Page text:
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A new test shipment is currently on the way from St. Petersburg, via Iran to Mumbai. The intermodal shipment is sent via the International North-South Transport Corridor (INSTC), the mega project that has been under development for many years. Rather than reaching Iran overland through Azerbaijan, another sea leg was incorporated at the Caspian Sea.
The Russian cargo consists of two 40-foot containers of wood laminate sheets that departed St. Petersburg for the Caspian Sea port city of Astrakhan, the Iranian Islamic Republic News Agency reported around a week ago.
In Astrakhan, the cargo will be reloaded to cross the Caspian Sea to Iran’s Anzali Port, where they will be carried by road through Iran to the port city of Bandar Abbas. The goods will again be loaded onto ships at the Iranian port to be delivered to India’s largest container port in Navi Mumbai. The total transit time is expected to be 25 days.
The shipment, carried out by the Iranian Shipping Lines Group for a Russian manufacturer, showcases the cooperation between the countries, both benefiting from an alternative north-south transport corridor. Shipping from Russian ports has been limited by European sanctions. Similarly, transport through Iran is limited by US sanctions.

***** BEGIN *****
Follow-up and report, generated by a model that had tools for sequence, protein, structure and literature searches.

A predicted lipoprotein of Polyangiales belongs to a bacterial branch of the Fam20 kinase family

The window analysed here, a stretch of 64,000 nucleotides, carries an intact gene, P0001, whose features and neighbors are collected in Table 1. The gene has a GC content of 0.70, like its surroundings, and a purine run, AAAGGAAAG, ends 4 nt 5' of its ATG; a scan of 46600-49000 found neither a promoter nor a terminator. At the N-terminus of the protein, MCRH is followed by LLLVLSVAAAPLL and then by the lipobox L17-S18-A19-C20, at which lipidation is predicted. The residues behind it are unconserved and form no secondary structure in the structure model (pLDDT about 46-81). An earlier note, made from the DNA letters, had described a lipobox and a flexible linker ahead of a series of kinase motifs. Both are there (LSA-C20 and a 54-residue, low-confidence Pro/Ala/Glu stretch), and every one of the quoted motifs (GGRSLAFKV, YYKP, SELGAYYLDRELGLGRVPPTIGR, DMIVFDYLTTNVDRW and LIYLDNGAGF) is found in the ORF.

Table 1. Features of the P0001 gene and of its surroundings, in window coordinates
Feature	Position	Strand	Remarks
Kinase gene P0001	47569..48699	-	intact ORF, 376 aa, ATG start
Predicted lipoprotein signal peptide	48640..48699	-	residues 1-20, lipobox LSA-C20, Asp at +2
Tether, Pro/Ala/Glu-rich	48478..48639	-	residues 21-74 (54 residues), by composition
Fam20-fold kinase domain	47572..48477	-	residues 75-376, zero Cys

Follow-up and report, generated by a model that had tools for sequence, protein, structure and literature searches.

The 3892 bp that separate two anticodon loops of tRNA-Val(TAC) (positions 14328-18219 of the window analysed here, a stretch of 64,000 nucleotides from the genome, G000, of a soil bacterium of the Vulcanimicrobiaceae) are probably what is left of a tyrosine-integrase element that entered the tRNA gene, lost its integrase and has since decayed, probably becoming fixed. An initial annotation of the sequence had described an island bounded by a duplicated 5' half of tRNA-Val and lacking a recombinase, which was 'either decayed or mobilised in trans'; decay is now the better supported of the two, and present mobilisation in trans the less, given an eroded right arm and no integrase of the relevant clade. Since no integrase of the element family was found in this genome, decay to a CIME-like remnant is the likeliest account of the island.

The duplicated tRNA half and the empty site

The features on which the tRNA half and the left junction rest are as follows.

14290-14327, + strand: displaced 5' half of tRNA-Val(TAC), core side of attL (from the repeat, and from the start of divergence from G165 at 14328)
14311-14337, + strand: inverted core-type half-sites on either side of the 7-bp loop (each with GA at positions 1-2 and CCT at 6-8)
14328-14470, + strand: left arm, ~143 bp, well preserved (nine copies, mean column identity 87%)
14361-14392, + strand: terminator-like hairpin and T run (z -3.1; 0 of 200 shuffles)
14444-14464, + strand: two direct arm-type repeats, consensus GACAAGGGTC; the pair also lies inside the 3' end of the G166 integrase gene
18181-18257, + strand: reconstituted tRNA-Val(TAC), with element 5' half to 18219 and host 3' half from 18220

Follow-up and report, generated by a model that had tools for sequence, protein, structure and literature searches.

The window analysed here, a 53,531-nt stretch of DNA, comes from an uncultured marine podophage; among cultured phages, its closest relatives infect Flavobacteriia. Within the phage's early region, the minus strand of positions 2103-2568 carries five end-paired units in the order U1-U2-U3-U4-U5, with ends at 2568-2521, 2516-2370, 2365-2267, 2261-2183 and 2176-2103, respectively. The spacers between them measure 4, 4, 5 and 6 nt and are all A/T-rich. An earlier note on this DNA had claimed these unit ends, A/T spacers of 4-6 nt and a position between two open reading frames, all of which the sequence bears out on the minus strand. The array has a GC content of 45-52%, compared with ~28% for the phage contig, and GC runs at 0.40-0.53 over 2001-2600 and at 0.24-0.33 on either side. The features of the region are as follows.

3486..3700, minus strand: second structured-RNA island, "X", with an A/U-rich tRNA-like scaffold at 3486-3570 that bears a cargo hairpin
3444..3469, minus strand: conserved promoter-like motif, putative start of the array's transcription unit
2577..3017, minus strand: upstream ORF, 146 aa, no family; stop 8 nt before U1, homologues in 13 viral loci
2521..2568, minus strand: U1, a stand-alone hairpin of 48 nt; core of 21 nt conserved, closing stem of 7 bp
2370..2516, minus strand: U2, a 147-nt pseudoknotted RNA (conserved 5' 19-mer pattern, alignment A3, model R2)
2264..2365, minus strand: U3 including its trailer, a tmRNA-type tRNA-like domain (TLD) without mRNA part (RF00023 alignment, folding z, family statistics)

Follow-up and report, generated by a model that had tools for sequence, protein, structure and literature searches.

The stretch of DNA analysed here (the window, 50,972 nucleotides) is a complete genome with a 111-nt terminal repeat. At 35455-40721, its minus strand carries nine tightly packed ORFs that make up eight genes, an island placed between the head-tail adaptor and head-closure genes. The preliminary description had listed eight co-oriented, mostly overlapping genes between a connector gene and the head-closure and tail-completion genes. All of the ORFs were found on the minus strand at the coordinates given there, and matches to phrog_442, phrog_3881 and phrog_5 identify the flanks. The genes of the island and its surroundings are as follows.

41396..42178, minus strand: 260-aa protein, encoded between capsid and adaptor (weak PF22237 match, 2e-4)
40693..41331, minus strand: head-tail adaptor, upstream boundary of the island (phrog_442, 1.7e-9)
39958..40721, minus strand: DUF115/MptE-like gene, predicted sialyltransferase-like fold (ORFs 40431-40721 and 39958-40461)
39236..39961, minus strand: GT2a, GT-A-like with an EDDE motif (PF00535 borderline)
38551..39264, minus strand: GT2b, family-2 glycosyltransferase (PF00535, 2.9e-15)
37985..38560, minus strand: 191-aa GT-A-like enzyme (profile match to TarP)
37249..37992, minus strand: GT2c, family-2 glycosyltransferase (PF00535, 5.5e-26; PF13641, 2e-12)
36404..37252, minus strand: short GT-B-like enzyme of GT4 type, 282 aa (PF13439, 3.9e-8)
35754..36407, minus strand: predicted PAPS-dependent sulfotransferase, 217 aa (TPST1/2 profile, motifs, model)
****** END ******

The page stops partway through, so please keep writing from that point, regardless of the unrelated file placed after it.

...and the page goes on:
The INSTC has been tried and tested by several stakeholders. The main objective of the corridor is to provide an alternative to the traditional routes carried out by sea through the Suez Canal and the Mediterranean, and the Baltic Sea. It should reduce journey times between Mumbai and Moscow from forty to fourteen days.
Although transport is already possible on the corridor, its full potential will not be reached until the main missing link is established: the Rasht-Astara railway line in Iran. Moreover, there is an ambition to make the Iranian port of Chabahar as the connecting point, as this port is geographically much closer to India. But, a railway connection from the Iranian network to this port is missing.
International North-South Transport Corridor
Another point of discussion remains the transit from Russia to Iran. This can go either via Armenia or Azerbaijan. The decision for this is complex considering political instability in the region. This is in part hampering the completion of the Rasht-Astara railway line in Iran too, as the Iranian government wants to know whom to turn to for investments in the project. The Armenian infrastructure is already there, but the support currently comes from Azerbaijan.
The current situation has however shuffled the cards on the table. Russia has opted to avoid overland transport through both Azerbaijan and Armenia and opted for the Caspian seaport from a Russian-Iranian terminal on the Caspian Sea. Moreover, the corridor is currently not considered by companies that are not favorable to Russia, such as Finland. A year ago, a test shipment left from Helsinki, headed for Mumbai. This year, the benefit of the route is noted by Russia, with more shipments expected to come.
This article first appeared on www.railfreight.com
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